Don’t be fooled by the bottles of olive oil sitting around in the School of Kinesiology’s Laboratory of Physiological Hygiene and Exercise Science (LPHES). The graduate students are not making salads or stir fry during late-night research sessions. Instead, Kinesiology doctoral candidate Tianou Zhang is working to discover if compounds found in olive oil have the potential to prevent chronic diseases, such as atherosclerosis.
Zhang, whose emphasis is exercise physiology, is interested in the health benefits of phytochemicals, or plant compounds, relating to physical activity and cardiovascular disease. Phytochemicals have long been known to have anti-inflammatory and antioxidant properties. Zhang’s adviser, Dr. Li Li Ji, director of LPHES, has been involved in a number of studies on the relationship between phytochemicals and exercise or diseases, and Zhang’s first research study as a doctoral student was exploring anti-inflammatory and immune cells’ regulatory effects of oats consumption on muscle damage in humans after downhill running. Oat, the type used in oatmeal cereal, has strong anti-inflammatory and antioxidant properties due to its specific phytochemical, Avenanthramides. Zhang’s current study looks at how different levels of Oleocanthal, a specific compound present in extra-virgin olive oil, can affect the progression of atherosclerosis, the buildup of plaque in arteries which can cause cardiovascular disease.
“Oleocanthal has very strong anti-inflammatory properties,” says Zhang. Consuming 50 grams of cold pressed extra-virgin olive oil, which is less than 4 tablespoons, has been shown to have 1/10 the anti-inflammatory effects as a daily adult ibuprofen dose of 400 mg. In fact, says Zhang, “there has been evidence that Oleocanthal can relieve inflammation from arthritis,” which is a leading cause of disability in the United States.
Consuming 50 grams of cold pressed extra-virgin olive oil, which is less than 4 tablespoons, has been shown to have 1/10 the anti-inflammatory effects as a daily adult ibuprofen dose of 400 mg.
Zhang, who was awarded a Doctoral Dissertation Fellowship by the University last year, takes his olive oil study one step further by looking at the nutritional effects of olive oil in combination with exercise. He induced atherosclerosis in five groups of rats by feeding them a diet that included cholesterol and cholic acid. He then fed each group different extra-virgin olive oils containing high or low Oleocanthal, and exercised them on a treadmill for one hour a day, five days a week, for twelve weeks. Zhang is now studying samples of tissues, organs and blood to determine the effects of nutrition and exercise in each group. “We are hoping to find out if Oleocanthal present in olive oil, together with exercise training, can affect atherosclerosis, and if the compound may slow the development of atherosclerosis as well as improve endothelial functions through pathways that reduce inflammation,” says Zhang.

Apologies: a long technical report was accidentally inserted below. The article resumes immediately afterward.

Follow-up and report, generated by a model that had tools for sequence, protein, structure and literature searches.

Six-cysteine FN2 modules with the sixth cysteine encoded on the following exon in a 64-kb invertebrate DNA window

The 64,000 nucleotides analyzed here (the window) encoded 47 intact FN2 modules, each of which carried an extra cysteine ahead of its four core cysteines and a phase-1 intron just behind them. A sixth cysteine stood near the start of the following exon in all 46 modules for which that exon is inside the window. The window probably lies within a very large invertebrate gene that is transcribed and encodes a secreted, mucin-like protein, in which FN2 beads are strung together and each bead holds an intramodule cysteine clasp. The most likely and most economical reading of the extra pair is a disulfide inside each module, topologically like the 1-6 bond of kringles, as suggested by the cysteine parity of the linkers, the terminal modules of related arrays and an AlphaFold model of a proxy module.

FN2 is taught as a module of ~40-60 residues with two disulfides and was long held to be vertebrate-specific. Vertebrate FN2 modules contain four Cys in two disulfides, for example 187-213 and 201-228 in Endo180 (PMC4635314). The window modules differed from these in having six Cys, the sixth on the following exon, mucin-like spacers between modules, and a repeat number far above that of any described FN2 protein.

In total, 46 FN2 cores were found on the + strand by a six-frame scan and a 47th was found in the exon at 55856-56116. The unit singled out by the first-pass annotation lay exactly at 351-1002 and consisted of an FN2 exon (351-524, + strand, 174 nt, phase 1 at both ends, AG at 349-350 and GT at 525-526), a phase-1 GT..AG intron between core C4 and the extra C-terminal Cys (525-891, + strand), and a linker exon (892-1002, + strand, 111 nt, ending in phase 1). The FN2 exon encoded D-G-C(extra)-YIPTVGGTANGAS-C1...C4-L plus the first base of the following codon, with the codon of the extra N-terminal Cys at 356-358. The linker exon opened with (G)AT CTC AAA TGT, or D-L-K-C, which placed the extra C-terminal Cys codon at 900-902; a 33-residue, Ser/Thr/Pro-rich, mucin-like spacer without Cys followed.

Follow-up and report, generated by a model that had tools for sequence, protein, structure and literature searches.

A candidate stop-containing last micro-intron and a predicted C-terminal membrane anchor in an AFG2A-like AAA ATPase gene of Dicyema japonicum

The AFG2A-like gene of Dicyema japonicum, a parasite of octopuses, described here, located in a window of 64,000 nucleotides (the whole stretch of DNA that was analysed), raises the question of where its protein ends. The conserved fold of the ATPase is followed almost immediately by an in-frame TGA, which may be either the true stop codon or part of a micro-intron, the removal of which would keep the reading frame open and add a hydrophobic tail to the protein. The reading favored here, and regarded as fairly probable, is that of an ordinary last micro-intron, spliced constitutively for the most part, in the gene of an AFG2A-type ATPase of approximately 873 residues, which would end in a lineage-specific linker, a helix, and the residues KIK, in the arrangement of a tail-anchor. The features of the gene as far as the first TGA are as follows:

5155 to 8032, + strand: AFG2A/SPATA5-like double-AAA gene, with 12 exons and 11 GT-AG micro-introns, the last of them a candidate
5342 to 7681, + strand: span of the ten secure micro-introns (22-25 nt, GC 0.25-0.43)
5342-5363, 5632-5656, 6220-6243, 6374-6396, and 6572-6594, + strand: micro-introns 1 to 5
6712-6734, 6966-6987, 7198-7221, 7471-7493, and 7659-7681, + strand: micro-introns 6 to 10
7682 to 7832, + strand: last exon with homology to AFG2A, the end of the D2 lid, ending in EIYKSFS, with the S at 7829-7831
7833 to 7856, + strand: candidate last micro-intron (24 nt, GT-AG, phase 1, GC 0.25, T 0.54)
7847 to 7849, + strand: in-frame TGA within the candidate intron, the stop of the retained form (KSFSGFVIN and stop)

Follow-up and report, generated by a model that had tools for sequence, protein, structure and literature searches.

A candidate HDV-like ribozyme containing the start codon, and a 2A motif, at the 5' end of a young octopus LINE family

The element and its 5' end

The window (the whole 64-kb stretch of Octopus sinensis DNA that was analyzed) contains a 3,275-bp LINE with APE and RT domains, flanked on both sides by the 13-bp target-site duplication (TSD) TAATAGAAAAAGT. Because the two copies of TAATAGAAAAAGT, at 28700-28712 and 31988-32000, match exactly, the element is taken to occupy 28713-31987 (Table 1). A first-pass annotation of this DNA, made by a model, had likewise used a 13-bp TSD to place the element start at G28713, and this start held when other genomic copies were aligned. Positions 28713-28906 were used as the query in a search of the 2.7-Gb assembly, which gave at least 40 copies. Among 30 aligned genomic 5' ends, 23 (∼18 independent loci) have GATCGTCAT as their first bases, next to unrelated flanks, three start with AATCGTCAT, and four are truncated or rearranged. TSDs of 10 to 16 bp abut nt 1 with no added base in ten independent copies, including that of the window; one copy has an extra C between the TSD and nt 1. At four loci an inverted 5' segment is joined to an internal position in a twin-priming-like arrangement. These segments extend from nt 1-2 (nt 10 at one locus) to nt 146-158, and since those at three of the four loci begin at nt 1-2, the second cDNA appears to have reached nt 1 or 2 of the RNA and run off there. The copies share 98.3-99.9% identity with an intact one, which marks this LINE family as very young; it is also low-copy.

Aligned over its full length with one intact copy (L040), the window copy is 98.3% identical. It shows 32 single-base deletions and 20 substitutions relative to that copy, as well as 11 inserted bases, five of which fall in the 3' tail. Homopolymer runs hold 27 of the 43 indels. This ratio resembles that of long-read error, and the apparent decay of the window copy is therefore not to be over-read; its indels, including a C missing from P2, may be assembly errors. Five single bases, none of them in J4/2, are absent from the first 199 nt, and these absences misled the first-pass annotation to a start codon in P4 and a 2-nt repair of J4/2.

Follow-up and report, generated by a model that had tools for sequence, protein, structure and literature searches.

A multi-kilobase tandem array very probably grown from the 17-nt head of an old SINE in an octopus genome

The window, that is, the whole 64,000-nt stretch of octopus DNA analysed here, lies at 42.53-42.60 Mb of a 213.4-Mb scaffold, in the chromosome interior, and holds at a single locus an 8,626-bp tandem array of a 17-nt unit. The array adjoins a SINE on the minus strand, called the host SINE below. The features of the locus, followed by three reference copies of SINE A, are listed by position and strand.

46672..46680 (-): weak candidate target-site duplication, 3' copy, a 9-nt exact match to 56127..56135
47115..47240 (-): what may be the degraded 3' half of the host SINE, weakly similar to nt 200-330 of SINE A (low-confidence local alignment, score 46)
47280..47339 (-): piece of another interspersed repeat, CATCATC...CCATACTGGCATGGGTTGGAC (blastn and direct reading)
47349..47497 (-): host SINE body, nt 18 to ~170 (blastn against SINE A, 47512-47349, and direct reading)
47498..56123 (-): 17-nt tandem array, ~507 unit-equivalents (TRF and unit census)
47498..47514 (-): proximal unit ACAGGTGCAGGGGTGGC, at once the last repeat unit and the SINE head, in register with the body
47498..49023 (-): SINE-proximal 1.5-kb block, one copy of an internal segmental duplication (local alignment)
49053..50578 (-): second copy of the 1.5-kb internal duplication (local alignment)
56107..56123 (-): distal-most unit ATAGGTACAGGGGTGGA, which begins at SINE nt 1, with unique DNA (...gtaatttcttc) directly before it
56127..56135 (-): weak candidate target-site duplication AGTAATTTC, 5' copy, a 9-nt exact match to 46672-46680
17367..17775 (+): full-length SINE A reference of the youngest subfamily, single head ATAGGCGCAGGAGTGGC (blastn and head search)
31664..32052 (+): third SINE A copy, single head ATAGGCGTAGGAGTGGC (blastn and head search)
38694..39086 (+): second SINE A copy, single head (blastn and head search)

Zhang’s study has some parallels to the scientific community’s current interest in the positive effects of the Mediterranean Diet. The traditional diet, prevalent in countries surrounding the Mediterranean Sea, emphasizes eating primarily plant-based foods, fish and poultry, limiting red meat, and replacing butter with healthy fats such as olive oil. The diet has been associated with a lower level of LDL cholesterol — the “bad” cholesterol that’s more likely to build up plaque deposits in arteries. Studies have shown that this diet is associated with a reduced risk of cardiovascular mortality as well as overall mortality.
“I’m really interested in interdisciplinary research on nutrition and exercise,” says Zhang. “I believe there is great potential in phytochemicals that can be applied to the field of sport and exercise science.” For example, he believes that compounds found in some plants, such as ginseng and the Goji berry, can be incorporated into foods such as energy bars and sport drinks to aid faster recovery from exercise-induced inflammation and fatigue.
Zhang has expanded his work both inside and outside the University. He is involved in the University Entrepreneurship Internship program and is working with Kerry, a taste and nutrition company, to develop a second generation of immune health products, Wellmune 2.0. He also competed in the Minnesota Cup, a startup competition sponsored by the Carlson School of Management. One of his future goals is to design and market products that can provide natural antioxidant or anti-inflammatory compounds to people who are active.
This summer, Zhang is evaluating the results of his studies on Avenanthramides and Oleocanthal for future publications. He believes his research could impact the state’s economy as well, since Minnesota is one of the top three producer of oats in the nation.
Zhang points out that the LPHES is doing innovative studies in areas that could profoundly affect individuals’ health and wellness. “We are the first lab that has studied the anti-inflammatory effect of oats as applied to sports and exercise science,” he says. “I feel our research has potential to make a positive impact on society.”